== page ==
Our Region

Muslims in the Caribbean: Ethnic sojourners and citizens

MUSLIMS IN THE CARIBBEAN region represent distinctive styles of minority and diaspora experiences. While they have a clear identity in terms of faith, their actual communal identity is frequently not based primarily on their religious identity..... although there are Muslims in the Caribbean region, in the most commonly understood usage of terms, there may not be "Muslim minorities" or "Muslims diaspora" there..... there has been no "pan-Muslim" identification or activity in the region as a whole.  While some scholars might speak of a "Black Atlantic" ....... it is not possible to identify anything that might be called a "Caribbean Muslim" identity.  Similarly, while some scholars might speak of "African Islam" or "Malaysian Islam" as religiocultural traditions, it is not possible to speak of "Caribbean Islam". (John O. Voll writing in "Muslim minorities in the West: visible and invisible")
(Page 3 of 3)   « Prev  1  2  
3
  
Next »

Muslims in the Caribbean

Praise Be to Allah - Laylat al-Qadr [the Night of Power]," proclaims the roadside banner. It bellies in the wind along the dusty, two-lane highway leading north from Guyana's Timehri International Airport.

A special religious program, "The Voice of Islam," is playing on the ancient taxi's radio, and at the nearby Ruimveldt Jamaat Madrasa, two dozen children have just settled down for their afternoon Arabic class. It is the 27th day of Ramadan in Guyana, and at first glance, the music, the mosques and the Muslims all seem strangely out of place in this densely forested, English-speaking nation on the northern shoulder of South America.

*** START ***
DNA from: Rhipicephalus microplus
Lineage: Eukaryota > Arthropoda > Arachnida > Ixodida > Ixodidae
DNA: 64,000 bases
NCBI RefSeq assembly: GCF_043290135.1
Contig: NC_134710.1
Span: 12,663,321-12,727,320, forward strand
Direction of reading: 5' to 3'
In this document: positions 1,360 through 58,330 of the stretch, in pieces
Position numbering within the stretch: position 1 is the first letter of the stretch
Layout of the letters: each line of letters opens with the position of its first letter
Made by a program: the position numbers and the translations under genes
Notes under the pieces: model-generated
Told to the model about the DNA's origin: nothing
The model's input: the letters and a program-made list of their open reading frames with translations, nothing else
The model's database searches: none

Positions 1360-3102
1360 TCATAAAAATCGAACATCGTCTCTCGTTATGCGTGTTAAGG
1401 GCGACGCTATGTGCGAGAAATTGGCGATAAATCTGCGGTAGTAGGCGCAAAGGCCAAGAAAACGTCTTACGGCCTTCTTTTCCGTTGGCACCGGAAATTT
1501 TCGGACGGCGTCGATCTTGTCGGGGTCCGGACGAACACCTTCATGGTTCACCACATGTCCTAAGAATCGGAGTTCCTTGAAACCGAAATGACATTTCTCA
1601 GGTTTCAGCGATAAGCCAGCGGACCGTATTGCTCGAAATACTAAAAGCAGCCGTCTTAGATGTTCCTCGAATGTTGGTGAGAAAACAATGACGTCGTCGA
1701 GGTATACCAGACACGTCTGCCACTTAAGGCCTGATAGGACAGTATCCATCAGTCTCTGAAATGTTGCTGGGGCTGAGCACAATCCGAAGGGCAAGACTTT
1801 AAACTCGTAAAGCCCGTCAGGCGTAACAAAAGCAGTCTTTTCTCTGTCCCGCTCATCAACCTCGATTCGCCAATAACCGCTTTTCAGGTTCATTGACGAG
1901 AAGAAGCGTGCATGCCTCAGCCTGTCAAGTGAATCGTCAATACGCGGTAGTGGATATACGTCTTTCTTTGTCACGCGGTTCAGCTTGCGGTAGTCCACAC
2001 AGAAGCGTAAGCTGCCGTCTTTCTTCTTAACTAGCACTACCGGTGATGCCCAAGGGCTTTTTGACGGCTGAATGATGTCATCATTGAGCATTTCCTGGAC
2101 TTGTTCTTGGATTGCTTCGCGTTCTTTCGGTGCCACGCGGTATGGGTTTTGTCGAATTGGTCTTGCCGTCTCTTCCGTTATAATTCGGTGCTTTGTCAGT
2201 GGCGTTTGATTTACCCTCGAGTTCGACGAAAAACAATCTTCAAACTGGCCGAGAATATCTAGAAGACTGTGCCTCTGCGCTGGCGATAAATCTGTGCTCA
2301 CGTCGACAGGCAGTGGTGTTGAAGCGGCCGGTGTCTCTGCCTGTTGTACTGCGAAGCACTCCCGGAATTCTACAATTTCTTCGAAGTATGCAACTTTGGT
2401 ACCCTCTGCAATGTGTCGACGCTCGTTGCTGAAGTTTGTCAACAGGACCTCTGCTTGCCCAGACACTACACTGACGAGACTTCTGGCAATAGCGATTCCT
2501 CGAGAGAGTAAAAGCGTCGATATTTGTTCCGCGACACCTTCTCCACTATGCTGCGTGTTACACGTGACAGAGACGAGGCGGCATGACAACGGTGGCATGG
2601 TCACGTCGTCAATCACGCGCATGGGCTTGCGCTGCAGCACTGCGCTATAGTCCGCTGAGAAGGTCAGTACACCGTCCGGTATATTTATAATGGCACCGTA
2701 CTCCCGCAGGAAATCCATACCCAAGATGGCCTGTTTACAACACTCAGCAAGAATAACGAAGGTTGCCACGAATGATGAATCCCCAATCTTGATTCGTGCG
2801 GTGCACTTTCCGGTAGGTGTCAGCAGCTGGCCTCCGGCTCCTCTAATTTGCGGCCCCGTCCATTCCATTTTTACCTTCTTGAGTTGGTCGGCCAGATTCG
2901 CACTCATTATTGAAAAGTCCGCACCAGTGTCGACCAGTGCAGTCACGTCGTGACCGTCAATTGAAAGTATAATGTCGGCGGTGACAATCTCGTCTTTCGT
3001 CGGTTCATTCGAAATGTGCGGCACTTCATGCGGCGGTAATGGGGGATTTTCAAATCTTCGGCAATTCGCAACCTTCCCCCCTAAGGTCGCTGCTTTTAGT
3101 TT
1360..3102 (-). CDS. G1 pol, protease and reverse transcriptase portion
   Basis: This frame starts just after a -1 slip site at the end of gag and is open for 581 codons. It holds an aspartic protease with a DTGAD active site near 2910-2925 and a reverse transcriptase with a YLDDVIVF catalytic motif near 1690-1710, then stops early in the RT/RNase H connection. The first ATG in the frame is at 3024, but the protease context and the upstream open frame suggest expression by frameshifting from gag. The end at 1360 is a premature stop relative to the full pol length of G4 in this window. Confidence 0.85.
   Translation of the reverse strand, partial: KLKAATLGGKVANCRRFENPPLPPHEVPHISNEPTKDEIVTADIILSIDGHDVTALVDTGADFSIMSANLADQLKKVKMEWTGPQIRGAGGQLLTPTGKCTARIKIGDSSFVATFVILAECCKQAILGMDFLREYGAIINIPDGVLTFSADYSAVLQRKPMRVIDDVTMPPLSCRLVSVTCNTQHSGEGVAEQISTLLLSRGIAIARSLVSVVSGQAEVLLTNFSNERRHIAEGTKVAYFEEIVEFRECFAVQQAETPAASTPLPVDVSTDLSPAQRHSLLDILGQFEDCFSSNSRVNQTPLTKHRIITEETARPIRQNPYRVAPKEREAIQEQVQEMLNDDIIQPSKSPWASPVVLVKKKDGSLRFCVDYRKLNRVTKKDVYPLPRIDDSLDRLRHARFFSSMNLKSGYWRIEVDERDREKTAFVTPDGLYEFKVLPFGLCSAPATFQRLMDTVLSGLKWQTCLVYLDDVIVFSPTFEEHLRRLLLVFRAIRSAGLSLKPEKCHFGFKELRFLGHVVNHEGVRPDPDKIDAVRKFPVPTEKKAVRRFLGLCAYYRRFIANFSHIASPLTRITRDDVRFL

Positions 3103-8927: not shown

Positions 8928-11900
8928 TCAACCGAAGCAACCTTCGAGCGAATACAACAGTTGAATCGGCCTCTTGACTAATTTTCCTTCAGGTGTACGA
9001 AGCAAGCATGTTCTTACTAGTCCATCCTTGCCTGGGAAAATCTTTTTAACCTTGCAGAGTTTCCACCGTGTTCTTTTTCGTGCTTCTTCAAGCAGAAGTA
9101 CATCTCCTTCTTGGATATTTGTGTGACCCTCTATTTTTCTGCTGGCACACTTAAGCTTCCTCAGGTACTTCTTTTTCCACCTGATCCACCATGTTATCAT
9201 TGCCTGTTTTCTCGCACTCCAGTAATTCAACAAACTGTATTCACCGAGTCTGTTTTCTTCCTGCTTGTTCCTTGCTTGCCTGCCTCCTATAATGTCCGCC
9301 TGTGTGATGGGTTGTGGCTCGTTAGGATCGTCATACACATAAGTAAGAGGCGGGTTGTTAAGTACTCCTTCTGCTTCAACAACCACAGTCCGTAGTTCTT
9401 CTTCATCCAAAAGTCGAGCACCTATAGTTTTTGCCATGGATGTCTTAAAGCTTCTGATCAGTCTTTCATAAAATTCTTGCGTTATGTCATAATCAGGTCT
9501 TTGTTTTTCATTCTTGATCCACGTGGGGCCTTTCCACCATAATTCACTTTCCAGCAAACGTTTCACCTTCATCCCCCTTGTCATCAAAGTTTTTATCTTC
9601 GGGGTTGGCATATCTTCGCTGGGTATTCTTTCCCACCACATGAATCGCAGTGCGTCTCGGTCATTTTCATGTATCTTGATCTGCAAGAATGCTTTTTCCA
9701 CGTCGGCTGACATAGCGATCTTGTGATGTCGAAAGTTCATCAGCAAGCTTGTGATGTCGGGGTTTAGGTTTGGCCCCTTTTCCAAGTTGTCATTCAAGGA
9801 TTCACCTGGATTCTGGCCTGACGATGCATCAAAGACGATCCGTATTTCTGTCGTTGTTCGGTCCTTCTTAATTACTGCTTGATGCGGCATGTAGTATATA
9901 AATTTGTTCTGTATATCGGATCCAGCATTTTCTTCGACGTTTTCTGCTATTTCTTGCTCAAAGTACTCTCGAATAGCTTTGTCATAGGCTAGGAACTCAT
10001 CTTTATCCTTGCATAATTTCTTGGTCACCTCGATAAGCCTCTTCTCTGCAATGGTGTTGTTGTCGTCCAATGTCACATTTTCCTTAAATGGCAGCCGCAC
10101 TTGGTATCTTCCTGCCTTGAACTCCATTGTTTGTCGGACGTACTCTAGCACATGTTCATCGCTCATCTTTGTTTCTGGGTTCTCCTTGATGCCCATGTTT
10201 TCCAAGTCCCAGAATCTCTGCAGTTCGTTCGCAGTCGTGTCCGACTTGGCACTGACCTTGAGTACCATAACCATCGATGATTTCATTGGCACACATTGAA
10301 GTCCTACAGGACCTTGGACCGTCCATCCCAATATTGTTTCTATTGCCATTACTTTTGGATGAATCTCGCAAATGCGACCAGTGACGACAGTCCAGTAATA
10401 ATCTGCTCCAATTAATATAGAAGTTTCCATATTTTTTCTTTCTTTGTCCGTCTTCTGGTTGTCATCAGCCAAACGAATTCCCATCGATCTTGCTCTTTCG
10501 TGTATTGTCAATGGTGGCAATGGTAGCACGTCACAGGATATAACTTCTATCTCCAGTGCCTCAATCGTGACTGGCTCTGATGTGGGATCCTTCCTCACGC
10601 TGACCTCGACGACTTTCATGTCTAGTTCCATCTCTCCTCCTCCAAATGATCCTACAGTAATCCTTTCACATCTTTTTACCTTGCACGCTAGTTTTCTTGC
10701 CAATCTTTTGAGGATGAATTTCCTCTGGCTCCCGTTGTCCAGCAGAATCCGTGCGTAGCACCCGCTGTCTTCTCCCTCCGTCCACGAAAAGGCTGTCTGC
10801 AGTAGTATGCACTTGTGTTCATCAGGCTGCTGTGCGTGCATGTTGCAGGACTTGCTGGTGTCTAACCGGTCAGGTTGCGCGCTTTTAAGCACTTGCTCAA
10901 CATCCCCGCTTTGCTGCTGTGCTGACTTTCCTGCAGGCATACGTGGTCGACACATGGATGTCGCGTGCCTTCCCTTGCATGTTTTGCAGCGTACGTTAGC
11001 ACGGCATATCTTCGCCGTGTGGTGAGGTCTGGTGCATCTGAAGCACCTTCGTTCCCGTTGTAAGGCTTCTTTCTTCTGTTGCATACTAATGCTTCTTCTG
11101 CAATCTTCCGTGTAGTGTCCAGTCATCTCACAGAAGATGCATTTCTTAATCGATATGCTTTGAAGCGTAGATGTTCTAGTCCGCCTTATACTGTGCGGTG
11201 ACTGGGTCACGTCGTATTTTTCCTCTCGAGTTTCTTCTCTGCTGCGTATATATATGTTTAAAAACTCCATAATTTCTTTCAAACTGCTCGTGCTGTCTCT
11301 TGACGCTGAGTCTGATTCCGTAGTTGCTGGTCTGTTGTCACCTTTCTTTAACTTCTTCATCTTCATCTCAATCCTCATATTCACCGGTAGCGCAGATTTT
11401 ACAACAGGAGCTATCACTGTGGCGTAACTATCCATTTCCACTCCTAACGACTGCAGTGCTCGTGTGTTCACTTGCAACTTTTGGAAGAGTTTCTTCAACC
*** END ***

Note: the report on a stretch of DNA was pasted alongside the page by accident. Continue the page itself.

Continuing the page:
But, as local religious leader al-Hajj Naseer Ahmad Khan points out, Islam has long played a prominent role in Guyanese history. "Today, Muslims are integrated into every profession," he says. "I think we've got a good future here."

Khan, president of the Guyana-based Islamic Missionaries Guild International, is one of nearly 400,000 Muslims scattered across the nations of the Caribbean. Mostly East Indian in origin, they live in relative prosperity on at least a dozen Caribbean islands, including Barbados, Grenada, Dominica, Puerto Rico, the U.S. Virgin Islands and Jamaica.

The region's heaviest Muslim concentrations, however, are in Suriname, with an estimated 100,000 believers, in Trinidad and Tobago, also home to 100,000 Muslims, and in Guyana, with an estimated Muslim population of 120,000.


THE UMMAH SLOWLY BLED

The Ummah Slowly Bled: A Select Bibliography of Enslaved African Muslims in the Americas and the Caribbean

Introduction

Despite an Islamic presence in the Western hemisphere for over half a millennium, the history of this portion of the Muslim Diaspora is gravely under-researched. There is evidence that Muslims had reached and interacted with Native Peoples long before Columbus made the ‘New World’ known to Europe. Nevertheless, it was Columbus’ voyage and the resultant European onslaught that forever changed the history of Native
Peoples, Africans, and consequently African Muslims.

For 400 years, millions of Africans were forced into chattel slavery in the Americas and the Caribbean. The precise estimates of enslaved Africans of the Islamic faith vary greatly, but the notion that a signiŽ cant percentage was Muslim is unquestioned. Unfortunately, precious few resources related to these African Muslims have been unearthed or fully examined. Over the past three decades more research has been written on the subject and it is becoming an acknowledged phenomenon in the histories of many countries including the United States. From Muslim-led rebellions in Brazil to Islamic scholars and gentry toiling in bondage in Georgia and Maryland, the history of how the West African arm of the Muslim ummah slowly bled is Ž nally coming to light.